Seriously, the thing that should give critics of our system pause is that informal votes account for 5% nation wide, with donkey votes estimated at no more than one percent or so, but letís be super conservative and say thatís also 5%. That means that 90% of voters (and a very large proportion of the total population) have put some effort into casting a vote they intended to and a vote that counts. Iím extremely proud of this. If people thought they were being dragged to the ballot box and forced to vote, informal votes would be through the roof.

Australians do have a sense of civic responsibility. Fantastic.
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Old 1st November 2018, 10:00 PM   #186
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Originally Posted by theprestige View Post
I imagine so.

I'm saying that getting to the polling booth should be a matter of individual choice, not government compulsion. Regardless of how much it increases your happiness meter to know people are voting for stuff.
But it's not just about "increasing your happiness meter", it's about the objective fact that a high percentage of them vote. That's what compulsory voting is trying to achieve, and it has achieved it.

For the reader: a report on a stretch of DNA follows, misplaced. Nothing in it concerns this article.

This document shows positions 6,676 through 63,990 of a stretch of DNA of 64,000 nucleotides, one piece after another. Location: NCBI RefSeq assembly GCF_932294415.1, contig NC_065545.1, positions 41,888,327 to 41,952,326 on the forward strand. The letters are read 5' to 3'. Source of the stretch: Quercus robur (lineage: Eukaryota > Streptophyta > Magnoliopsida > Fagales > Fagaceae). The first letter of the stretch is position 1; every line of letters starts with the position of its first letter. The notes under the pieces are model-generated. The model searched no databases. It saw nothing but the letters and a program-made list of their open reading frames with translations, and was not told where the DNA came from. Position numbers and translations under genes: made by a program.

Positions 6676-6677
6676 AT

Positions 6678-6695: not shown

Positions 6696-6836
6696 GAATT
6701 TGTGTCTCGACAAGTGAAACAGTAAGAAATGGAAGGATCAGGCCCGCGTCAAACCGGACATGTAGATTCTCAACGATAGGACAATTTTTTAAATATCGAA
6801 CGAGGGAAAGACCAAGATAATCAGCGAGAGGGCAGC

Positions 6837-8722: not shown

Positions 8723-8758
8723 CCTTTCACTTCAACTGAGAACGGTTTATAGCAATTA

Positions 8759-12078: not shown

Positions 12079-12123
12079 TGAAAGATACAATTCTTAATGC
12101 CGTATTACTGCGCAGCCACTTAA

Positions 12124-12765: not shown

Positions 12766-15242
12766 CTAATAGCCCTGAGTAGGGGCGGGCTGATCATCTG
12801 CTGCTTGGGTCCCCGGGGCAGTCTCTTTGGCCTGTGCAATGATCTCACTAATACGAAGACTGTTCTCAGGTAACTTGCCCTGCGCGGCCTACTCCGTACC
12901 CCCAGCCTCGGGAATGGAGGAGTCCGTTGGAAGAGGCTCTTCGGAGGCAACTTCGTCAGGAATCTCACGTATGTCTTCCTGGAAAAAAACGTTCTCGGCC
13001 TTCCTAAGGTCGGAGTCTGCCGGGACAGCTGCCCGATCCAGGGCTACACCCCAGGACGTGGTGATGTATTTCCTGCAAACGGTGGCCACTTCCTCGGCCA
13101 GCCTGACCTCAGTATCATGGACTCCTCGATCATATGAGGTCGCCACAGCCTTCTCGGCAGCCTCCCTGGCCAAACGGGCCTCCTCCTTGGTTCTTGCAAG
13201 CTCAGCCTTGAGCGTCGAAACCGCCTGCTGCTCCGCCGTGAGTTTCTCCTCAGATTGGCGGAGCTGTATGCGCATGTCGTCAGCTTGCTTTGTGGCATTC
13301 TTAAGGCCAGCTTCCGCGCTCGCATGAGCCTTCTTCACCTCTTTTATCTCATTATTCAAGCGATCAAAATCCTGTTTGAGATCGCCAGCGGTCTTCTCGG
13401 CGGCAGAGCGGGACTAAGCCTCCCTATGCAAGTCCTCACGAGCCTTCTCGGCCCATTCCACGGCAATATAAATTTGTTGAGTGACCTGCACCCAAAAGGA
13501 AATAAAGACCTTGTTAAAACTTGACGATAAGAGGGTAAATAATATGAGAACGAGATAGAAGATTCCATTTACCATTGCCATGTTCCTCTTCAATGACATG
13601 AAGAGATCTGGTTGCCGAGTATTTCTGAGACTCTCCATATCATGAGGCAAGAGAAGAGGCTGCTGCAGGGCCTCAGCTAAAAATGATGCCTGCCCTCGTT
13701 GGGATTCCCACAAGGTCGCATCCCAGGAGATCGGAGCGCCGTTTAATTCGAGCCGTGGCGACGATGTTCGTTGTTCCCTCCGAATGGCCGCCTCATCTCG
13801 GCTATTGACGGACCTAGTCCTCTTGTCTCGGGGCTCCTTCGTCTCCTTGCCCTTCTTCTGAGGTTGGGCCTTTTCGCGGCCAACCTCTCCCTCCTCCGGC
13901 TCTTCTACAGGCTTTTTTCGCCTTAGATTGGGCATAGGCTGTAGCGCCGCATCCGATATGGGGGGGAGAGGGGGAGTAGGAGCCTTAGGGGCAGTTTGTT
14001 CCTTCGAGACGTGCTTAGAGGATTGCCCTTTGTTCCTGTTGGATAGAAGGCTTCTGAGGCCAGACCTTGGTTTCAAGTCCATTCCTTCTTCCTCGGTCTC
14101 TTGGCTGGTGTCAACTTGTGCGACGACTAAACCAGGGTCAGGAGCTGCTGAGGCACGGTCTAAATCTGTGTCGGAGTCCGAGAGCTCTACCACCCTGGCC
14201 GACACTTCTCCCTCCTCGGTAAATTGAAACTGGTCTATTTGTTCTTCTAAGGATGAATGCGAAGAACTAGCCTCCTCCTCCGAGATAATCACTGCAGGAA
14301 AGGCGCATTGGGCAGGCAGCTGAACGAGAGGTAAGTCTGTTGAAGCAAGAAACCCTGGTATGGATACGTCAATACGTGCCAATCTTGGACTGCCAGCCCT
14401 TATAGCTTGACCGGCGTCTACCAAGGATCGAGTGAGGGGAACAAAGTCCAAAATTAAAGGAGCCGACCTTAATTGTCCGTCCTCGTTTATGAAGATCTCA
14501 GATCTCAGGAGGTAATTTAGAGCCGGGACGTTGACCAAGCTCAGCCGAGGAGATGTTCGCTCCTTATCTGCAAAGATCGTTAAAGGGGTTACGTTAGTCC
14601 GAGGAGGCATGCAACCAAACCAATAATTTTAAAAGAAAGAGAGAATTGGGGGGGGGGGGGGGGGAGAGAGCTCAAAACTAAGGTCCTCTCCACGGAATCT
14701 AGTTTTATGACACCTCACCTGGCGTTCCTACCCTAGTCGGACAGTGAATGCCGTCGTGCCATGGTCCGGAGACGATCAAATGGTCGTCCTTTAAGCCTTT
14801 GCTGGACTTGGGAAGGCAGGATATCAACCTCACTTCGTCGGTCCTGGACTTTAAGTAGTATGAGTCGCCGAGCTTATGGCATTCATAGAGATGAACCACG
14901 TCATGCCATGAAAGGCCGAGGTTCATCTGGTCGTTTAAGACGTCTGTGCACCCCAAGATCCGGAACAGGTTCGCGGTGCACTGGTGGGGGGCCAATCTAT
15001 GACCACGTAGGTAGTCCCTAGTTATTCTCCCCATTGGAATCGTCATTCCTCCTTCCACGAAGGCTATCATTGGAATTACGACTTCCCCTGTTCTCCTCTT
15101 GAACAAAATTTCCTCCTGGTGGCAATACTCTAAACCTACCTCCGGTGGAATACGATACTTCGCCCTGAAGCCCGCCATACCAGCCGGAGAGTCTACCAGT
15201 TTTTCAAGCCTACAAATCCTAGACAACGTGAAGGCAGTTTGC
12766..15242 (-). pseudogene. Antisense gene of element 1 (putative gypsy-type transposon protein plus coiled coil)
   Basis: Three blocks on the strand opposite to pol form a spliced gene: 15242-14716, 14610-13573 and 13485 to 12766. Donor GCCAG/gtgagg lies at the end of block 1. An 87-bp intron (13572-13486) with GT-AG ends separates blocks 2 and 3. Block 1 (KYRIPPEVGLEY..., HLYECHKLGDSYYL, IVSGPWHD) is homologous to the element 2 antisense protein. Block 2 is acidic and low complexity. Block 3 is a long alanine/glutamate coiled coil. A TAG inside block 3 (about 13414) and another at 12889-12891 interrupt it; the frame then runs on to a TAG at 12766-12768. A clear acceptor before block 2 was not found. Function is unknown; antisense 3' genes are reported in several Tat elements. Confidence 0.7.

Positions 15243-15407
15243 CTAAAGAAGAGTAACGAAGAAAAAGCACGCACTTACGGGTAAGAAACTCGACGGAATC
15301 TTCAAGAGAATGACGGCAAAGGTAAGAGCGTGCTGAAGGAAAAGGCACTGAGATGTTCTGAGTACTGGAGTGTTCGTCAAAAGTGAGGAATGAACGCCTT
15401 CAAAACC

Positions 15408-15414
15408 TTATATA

You say that it's not about that, but the fact that it's achieved that seems like good enough evidence to me that that was the point. Regardless, whatever it was about to some nameless people who support it, the question of whether or not it has achieved a high percentage of voters (actually voting, not just "donkey" voting), has a answer, in the affirmative.

Is that outcome meaningful to you? Maybe yes or maybe no. To me it seems important in a democracy that a high percentage of the population actually casts a vote, and so this outcome seems positive to me.

You are right that there is an opportunity cost for every voter. But you can't ignore what compulsory voting has achieved. You may not value that achievement, in which case the costs outweigh the benefits in your calculation. You might also think that some less costly method could achieve the same voter turn out, if so feel free to present one.

Personally I think the outcome is positive and worth the cost. But I'm willing to be convinced otherwise.
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Old 1st November 2018, 10:06 PM   #187
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Originally Posted by TragicMonkey View Post
Depends on how you define success. Most species of shark aren't particularly cooperative, and they've been around for hundreds of millions of years, far longer than most mammals.
I'm guessing "social cooperators" was more in reference to social insects and other similar organisms. Look at the total biomass of ants compared to beetles.
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Old 1st November 2018, 10:12 PM   #188